The Australian's Chris Mitchell (Image: AAP)

Put yourself within the sights of the Murdoch perpetual war machine and prepare to be shot at.

Fortunately its aim is not very good.

My turn came yesterday in the form of a classic hit job by the loyal soldier Chris Mitchell in The Australian titled “Reporters should give thought to how they are used by activist lawyers”.

I’m an activist lawyer, whatever that means.

Mitchell opens with a hilarious lawyer joke from the evergreen humorist Paddy McGuinness (deceased), then the first of many baseless assertions: that there has been an outbreak of “activist lawyers recruit[ing] journalists to their causes, usually involving calls for judicial inquiries. All with enormous billing opportunities for lawyers.” Greedy, tricksy lawyers.

Next, an excursion into an irrelevant debate about the social value of a truth-telling commission on colonisation, strangled into this killer argument: “In a world where victimhood is a status symbol [yeah I had to read that twice too] commissions of inquiry may give the powerless power to proclaim their disadvantage. They certainly give activists, especially activist lawyers, a platform for publicity, plus large fees.”

There it is again. The avarice.

So it is, Mitchell goes on, with calls for an inquiry into the historical rape allegation against Christian Porter — which he strenuously denies. A claim which the complainant “withdrew” before ending her life. (She didn’t withdraw it, by the way. The day before taking her life she told the NSW Police she wouldn’t be pursuing it further.)

“Activist lawyers and legal academics claim rape victims are discriminated against by traditional concepts such as the ‘burden of proof’ and ‘guilty beyond reasonable doubt’. They say women, like victims of child sexual assault, must be believed.”

Wrong, wrong and wrong. No lawyer I know of, certainly not me, has claimed any of those things. What we have said is that the allegation against Porter is serious, and holding an inquiry is essential to preserve the integrity of the office of public trust that he holds.

Nobody has suggested the allegation must be believed. It should not, however, be dismissed on Porter’s denial alone.

But we continue: “This is a decades-long campaign. At its heart is lawyer Michael Bradley.” Aha. Although, decades? Not sure where that came from. Anyway, Mitchell reports that I represented Kate, who made the allegation against Porter (yes I did), and Brittany Higgins (no I did not).

Time to introduce a tantalising subplot: ABC reporter Louise Milligan, who “says she met Bradley the day after the woman’s suicide”. She didn’t, and she’s never said she did. Mitchell goes on, discussing how Milligan got hold of the letter about Kate’s allegation that someone sent to Prime Minister Scott Morrison, about which she then reported and is now being sued by Porter.

Relevance to me? None, but the implication is hard to miss. Although I’m not sure if I’ve been manipulating Milligan or she’s been manipulating me.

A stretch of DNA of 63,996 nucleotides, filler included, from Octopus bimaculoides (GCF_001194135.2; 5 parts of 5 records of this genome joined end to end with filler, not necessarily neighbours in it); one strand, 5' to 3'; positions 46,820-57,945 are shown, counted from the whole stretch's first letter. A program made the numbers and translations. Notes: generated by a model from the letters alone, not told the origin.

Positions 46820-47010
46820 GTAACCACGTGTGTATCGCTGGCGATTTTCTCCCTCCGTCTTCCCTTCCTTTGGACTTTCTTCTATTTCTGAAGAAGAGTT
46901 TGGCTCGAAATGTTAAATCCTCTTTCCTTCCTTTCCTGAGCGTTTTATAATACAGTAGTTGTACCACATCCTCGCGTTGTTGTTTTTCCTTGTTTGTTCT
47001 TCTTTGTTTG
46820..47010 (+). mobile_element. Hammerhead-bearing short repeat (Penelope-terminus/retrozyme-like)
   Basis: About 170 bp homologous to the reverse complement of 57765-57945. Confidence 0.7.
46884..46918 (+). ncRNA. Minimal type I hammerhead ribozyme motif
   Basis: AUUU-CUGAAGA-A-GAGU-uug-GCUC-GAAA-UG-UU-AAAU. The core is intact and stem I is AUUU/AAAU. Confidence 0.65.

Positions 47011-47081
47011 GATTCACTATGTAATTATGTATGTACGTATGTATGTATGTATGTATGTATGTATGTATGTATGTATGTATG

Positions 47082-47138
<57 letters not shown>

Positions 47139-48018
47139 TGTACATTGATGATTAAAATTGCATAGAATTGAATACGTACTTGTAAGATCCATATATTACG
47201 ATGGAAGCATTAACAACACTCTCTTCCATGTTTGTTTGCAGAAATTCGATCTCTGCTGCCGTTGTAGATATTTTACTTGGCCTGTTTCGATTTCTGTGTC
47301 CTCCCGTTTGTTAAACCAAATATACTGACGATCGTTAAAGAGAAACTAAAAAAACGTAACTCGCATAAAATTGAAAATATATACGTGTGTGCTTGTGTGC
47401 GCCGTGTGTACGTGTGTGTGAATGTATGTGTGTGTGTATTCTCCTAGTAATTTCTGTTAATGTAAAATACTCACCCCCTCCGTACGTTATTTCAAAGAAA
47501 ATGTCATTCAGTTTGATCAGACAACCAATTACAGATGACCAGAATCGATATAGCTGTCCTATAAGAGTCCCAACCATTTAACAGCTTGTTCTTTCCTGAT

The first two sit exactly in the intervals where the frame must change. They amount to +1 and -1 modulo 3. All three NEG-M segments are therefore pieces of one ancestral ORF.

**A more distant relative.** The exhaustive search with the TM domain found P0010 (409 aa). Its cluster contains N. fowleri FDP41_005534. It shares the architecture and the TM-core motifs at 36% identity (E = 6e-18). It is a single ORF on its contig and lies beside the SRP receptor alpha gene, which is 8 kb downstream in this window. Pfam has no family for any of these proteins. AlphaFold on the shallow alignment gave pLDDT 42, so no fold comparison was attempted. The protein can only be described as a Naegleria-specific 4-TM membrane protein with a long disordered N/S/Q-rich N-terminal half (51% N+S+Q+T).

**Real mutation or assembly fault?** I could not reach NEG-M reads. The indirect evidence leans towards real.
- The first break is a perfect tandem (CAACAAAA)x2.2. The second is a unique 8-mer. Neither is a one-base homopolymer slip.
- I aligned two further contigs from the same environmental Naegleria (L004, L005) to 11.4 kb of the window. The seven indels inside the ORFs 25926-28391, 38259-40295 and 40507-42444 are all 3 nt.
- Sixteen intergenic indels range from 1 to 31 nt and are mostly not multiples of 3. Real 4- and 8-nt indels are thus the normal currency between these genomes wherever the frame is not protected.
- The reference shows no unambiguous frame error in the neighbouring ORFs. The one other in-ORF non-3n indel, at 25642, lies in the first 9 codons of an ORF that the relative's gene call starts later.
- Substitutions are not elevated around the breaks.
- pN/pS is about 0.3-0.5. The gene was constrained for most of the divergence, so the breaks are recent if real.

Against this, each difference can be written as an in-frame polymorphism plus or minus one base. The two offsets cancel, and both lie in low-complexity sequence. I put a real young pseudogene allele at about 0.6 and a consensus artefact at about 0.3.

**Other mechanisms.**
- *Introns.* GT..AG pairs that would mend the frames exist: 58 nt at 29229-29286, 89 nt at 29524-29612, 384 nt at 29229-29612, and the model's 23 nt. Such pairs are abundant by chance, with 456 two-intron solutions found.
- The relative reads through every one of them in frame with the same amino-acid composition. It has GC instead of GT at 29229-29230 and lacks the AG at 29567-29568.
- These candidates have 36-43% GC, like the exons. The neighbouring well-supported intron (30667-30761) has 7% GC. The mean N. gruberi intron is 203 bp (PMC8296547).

We move on to a benign canvassing of my involvement in a legal dispute between “feminist campaigner and journalist” Nina Funnell and Bettina Arndt, and my firm Marque Lawyers’ partnering with Funnell, End Rape On Campus and, um, Mitchell’s employer News Corp, on the very public Let Her Speak law reform campaign. In other words, legal work that a lawyer might do.

Then, randomly: “Marque also has a formal financial relationship with GetUp, a strong supporter of the Labor Party.” Well, that is a smoking gun, I admit, if you ignore the fact that we haven’t had any interaction with GetUp for over five years and never had a “formal financial relationship”, whatever that means, unless he means we did legal work for it and it paid us for it, which did actually happen.

The point to all these excursions, apparently, is that although it is “fair enough, and all a legitimate part of political lobbying”, most journalists and politicians “don’t know all this”. And voters “may have a different view”.

So now I’m a lobbyist? Ew. That’s almost as insulting as calling me a politician. Or a News Corp hack columnist.

I am not entirely sure what I’ve been accused of — something about failing to disclose my relationships with clients I don’t act for or my status as a secret agent of the Labor Party — but I guess the real clue is in the headline. I’ve been “using” journalists to further my activist agenda, which itself is really just a stratagem for making lots of money.

Defamatory? Yeah, I’d say so. To be honest though, I’m more offended by the terrible writing, non-existent fact-checking, incoherent logic and the sheer inept laziness of the whole thing.

He gets paid to do this? I mean seriously, if you’re going to try to do me over, at least get out of your pyjamas and write something that doesn’t read like a random collation of the bits the editor cut from someone else’s column.

Actually, maybe that’s what this was.

The headline should have read: “Calls grow for inquiry into lawyers caught red-handed engaging in legal practice. Sometimes even for fees.”

PS: we acted for Kate pro bono. If you were wondering.

If you or someone you know is impacted by sexual assault or violence, call 1800RESPECT on 1800 737 732 or visit 1800RESPECT.org.au.

Peter Fray

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